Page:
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WCHA could vote on Bemidji State, UNO next week

The University of Alaska-Anchorage's men's hockey team is likely to get two new conference rivals in a year or two, and whether one of them is the Alaska-Fairbanks Nanooks from up north will depend largely on a straw vote league members will take next week, according to the Anchorage Daily News.

The 10-team Western Collegiate Hockey Association has all but decided to expand to 12 teams, either for the 2010-11 season or the 2011-12 season, commissioner Bruce McLeod told a reporter for the Alaska newspaper.

UAA athletic director Steve Cobb, one of four members of the WCHA's structure committee, thinks league members next week will vote informally on a proposal to admit both Bemidji State and Nebraska-Omaha.

If that vote fails to show widespread support for both teams, or if Omaha decides it doesn't want to join the league, Alaska-Fairbanks is expected to become a bigger part of the equation.

"Depending on how things go with Omaha, we'll consider Fairbanks," McLeod said.

The team everyone expects to gain admission is Bemidji State, the only school so far to formally apply for membership. Bemidji was an NCAA Frozen Four team this year, but its conference -- College Hockey America -- is disbanding after next season.

But the WCHA wants an even number of teams, McLeod said. And so it has been talking with Nebraska-Omaha, a member of the Central Collegiate Hockey Association that is a geographical fit for the WCHA.

The league has had several conversations with Omaha, McLeod said. The Mavericks recently hired head coach Dean Blais, a long-time WCHA coach who guided North Dakota to national championships in 1997 and 2000.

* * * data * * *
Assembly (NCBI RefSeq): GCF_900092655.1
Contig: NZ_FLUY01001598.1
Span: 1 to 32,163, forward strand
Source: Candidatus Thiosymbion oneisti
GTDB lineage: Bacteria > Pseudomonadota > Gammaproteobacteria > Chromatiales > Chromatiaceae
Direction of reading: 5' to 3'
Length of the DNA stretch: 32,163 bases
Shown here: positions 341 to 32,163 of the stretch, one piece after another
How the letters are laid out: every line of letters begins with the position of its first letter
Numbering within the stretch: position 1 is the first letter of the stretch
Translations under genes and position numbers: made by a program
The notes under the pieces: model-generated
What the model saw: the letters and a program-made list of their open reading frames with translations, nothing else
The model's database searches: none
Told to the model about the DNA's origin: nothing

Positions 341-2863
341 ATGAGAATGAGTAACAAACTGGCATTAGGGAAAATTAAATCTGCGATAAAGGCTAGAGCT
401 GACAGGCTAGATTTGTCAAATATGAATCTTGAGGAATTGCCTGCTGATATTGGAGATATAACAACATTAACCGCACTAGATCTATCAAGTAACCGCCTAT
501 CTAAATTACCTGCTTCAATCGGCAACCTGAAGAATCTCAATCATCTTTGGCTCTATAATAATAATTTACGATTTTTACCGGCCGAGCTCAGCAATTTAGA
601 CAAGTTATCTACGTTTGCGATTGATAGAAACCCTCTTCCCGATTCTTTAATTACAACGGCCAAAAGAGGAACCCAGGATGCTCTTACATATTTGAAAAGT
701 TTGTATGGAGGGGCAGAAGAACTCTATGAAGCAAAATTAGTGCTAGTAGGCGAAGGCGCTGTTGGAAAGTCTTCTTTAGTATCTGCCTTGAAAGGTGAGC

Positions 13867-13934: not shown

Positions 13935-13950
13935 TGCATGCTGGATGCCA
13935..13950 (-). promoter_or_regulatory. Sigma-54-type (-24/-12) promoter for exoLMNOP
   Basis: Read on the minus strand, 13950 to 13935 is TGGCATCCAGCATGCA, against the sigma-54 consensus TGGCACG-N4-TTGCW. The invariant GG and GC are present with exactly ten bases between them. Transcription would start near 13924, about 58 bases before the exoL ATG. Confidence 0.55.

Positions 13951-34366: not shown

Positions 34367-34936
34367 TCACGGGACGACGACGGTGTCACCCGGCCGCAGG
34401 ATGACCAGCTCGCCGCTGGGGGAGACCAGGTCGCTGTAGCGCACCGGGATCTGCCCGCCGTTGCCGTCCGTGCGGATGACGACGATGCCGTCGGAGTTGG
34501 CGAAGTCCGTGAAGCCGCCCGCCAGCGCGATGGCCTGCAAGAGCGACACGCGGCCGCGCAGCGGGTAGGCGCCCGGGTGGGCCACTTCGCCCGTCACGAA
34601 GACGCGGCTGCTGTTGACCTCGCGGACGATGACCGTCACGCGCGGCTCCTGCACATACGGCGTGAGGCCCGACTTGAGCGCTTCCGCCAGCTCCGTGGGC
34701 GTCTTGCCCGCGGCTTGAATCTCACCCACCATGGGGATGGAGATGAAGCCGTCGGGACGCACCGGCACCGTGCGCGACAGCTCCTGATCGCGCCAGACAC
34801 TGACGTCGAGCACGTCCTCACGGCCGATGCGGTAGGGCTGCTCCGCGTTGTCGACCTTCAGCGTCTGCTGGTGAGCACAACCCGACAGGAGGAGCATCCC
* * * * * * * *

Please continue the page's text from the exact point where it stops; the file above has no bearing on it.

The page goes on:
If Omaha decides it doesn't want to leave the CCHA, or if WCHA members decide Omaha isn't the best choice for its 12th team, Fairbanks will become a bigger part of the expansion conversation.

"Bruce McLeod has asked us to sit back and wait to see what happens with Nebraska-Omaha," UAF athletic director Forrest Karr told the Fairbanks Daily News-Miner last week.

Two other schools that McLeod wouldn't name are also potential applicants for membership. But Cobb predicts the new members will come from two of three schools -- Bemidji, Omaha or Fairbanks.

Driving the expansion is Bemidji State, which would have to play as an independent if it does not find a new league -- never an easy thing in the relatively small world of NCAA Division I hockey, where there are 58 teams. Independents historically have a difficult time putting together a quality schedule and winning bids to the NCAA tournament.

"Bemidji can't survive as an independent," Cobb said. "If you don't have a league, you don't have a program."

Geographically, Bemidji is a natural fit for the WCHA, which already includes four Minnesota schools and the University of North Dakota.

But there's more than proximity behind the league's interest in the Beavers.

"If the league had their druthers, we might stay at 10," McLeod said. "We're making money on the tournament, there's record attendances every year, and things are good.

"But when you throw in the obligations of college hockey in the big picture and the demise of College Hockey America, we've got to try to do something. We can't let (Bemidji) fold the tent."

But the WCHA isn't interested in becoming an 11-team league, McLeod. Twelve teams would lead to easier and more balanced scheduling. So if Bemidji is allowed in, someone else needs to join too.

Cobb said UAA would welcome the Nanooks as a league rival.

"Our gates are better when we're playing the Nanooks," he said. "It would be an overwhelming positive for us. We'd get the Governor's Cup back to four games and it would be better for the schedule with two of us here."

Being in the same league would save both teams a little money, because each would replace a road trip to the Lower 48 with a road trip inside Alaska.

Others in the WCHA might have to make two trips to Alaska instead of one, but there's a tradeoff that makes that prospect appealing.

In order to make it more feasible for schools in Alaska and Hawaii to draw opponents, the NCAA long ago created a rule allowing visiting teams to play two "exempted" games against teams in those states. If, for example, the NCAA sets a limit of 20 games a season in a sport, a team could play two at UAF and two at UAA without the games counting against their limit of 20.

To join the WCHA, a team must win votes from eight of the 10 current members.

McLeod said his goal is decide on two new members by August, which could make it possible for expansion to happen in 2010.